Whether Teamsters at the time it sought recognition held authorization cards from a majority of respondents' employees is the critical issue. The Board, with one member dissenting, affirming the finding of its Trial Examiner stated:

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"On the record before us, we fail to see how it can be said that the cards which the Union obtained lacked reliability in establishing the Union's claim to representative status."

The dissenting member stated:


"I do not believe that the cards offered by the General Counsel to show such majority status are reliable for this purpose."


We know of no court decision which has set aside the finding of the Board that a union acquired majority status by authorization cards; however, the issue has been raised in a number of cases. Nearest in point perhaps is NLRB v. Stow Manufacturing Co., 2 Cir., 217 F.2d 900, wherein the contention of the employer was the same as it is here. The Court stated (217 F.2d at page 902):


"In spite of this unequivocal language [that contained in the cards] the respondent argues that at least five of the cards should not be counted because the signers supposed that they were only asking that an election should be called at which they would vote for or against the Union as they then pleased."


The Court pointed out that even though the five cards were eliminated, the Union would still have a majority of one, but that it could only find three employees "who said that they understood the cards not to be votes for the Union," and concluded, "[W]e cannot say, in the face of the express language of the cards themselves, that the examiner's finding that a majority meant to make the Union their representative was not supported by substantial evidence." Another case of similar purport is NLRB v. Gorbea, Perez & Morell, S. en C., 1 Cir., 300 F.2d 886, which sustained the finding of the Board relative to authorization cards, but pointed out (page 887), "There was no claim of affirmative misrepresentation by the union."


In Englewood Lumber Company, 130 NLRB 394, the Board refused to accept authorization cards as proof of majority status. In its opinion the Board stated:


"As set forth in more detail in the Intermediate Report, the union did not tell the employees that by signing cards they were authorizing the union to represent them; rather, the employees were told that the cards were necessary in order that the Board might conduct an election by a secret ballot in which every employee would have an opportunity to express his preference. Ten employees who had signed cards testified that when solicited they were told that the cards were for a Board election. * * * we do not think it can reasonably be said that the employees, by an act of signing authorizations thereby clearly manifested an intention to designate the union as their bargaining representative."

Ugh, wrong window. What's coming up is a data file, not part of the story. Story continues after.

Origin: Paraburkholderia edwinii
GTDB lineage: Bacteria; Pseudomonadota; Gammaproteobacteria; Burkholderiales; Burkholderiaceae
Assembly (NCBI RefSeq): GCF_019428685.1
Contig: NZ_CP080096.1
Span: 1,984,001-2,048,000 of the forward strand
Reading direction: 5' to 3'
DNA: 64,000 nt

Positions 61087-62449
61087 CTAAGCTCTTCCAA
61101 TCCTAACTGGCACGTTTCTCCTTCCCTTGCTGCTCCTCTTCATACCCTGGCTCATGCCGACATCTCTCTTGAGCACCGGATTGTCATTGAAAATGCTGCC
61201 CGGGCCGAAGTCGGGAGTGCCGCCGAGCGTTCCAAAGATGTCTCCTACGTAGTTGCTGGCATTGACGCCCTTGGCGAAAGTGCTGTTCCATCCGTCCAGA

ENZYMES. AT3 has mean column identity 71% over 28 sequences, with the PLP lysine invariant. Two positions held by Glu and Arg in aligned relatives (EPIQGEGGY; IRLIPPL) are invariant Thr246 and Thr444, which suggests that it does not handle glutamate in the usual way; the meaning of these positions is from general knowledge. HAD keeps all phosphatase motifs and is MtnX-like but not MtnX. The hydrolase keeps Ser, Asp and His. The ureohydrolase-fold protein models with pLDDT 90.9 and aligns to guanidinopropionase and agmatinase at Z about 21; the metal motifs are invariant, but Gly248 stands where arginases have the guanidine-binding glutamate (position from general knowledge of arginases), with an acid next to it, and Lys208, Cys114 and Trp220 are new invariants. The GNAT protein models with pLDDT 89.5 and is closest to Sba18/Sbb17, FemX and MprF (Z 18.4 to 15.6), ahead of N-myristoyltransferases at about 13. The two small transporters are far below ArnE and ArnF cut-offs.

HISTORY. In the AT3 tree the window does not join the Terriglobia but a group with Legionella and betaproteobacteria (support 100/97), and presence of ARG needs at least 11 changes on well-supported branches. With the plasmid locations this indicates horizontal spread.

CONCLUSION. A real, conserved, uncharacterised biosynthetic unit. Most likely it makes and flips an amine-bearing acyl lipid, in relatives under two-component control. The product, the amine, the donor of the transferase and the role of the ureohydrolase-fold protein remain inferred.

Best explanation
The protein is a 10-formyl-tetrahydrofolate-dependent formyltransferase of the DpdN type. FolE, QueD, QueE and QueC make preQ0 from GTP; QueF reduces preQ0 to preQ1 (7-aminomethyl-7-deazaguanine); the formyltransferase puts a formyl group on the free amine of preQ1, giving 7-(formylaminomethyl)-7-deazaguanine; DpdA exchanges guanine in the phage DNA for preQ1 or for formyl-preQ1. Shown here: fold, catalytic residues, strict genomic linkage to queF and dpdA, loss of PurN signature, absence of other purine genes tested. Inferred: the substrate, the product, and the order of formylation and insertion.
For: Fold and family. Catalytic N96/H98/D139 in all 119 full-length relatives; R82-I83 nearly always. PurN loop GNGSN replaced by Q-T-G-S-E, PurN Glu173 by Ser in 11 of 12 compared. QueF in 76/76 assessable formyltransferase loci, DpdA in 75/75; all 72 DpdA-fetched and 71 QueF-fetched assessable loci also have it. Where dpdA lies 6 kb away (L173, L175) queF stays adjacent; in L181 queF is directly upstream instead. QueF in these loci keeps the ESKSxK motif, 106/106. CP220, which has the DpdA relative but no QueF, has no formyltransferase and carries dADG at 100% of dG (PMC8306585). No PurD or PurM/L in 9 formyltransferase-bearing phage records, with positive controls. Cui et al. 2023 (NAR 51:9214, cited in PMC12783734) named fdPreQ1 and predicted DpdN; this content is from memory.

Simons and Williams obtained the authorization cards. The Board majority and its dissenting member rely in the main upon their testimony to support opposing results. We have read the testimony bearing on the issue under discussion and we conclude without hesitancy that the Board's finding is clearly erroneous. In support of this conclusion, we can do no better than quote the reasoning of the dissenting member:


"The testimony of both Simons and Williams makes it clear that in inducing employees to sign Teamsters' cards, they led them to believe that the purpose of the cards was to obtain an election — not to authorize the Teamsters to bargain for them. Thus Simons testified he told the employees that by signing the cards they were not selecting the Teamsters as their bargaining agent, that they would have a chance to vote at a secret election, and that they could vote for the Teamsters Union or against it. It was explained to the employees that the cards were needed in order to get the opportunity to vote. Williams similarly testified that all of the employees knew that the cards were `not to get a Union in there, it was just so there would be a vote to see if a Union would get in there.' The testimony of Simons and Williams was corroborated by that of employees DuBecky and Garrett, both of whom signed after being told the cards were just for the purpose of obtaining an election."


Further, employee Ralph Richards testified that he did not "particularly want the Teamsters there," and when he signed the card he did not intend what the card said and he thought "they were just trying to scare Koehler into giving us a raise." The bizarre nature of Simons' conduct is aptly illustrated by his admission, "We crossed Koehler's, and then we turned around and crossed the Union. Then we turned around and crossed Koehler's again, * * * and went back from the Teamsters, back onto Koehler's side."


Respondents make other points relative to the authorization cards. It is asserted that one card was not signed by the employee whose signature it bore, that another bore a typewritten signature, that a third was dated in January 1962, long after recognition was sought by Teamsters, and that their cards should be eliminated, leaving only nineteen cards, one short of a majority. We need not discuss the contention as to these cards in view of the overwhelming proof that many employees signed cards because they were promised that such cards were to be used for the purpose of obtaining an election, with a secret ballot, to be conducted by the Board.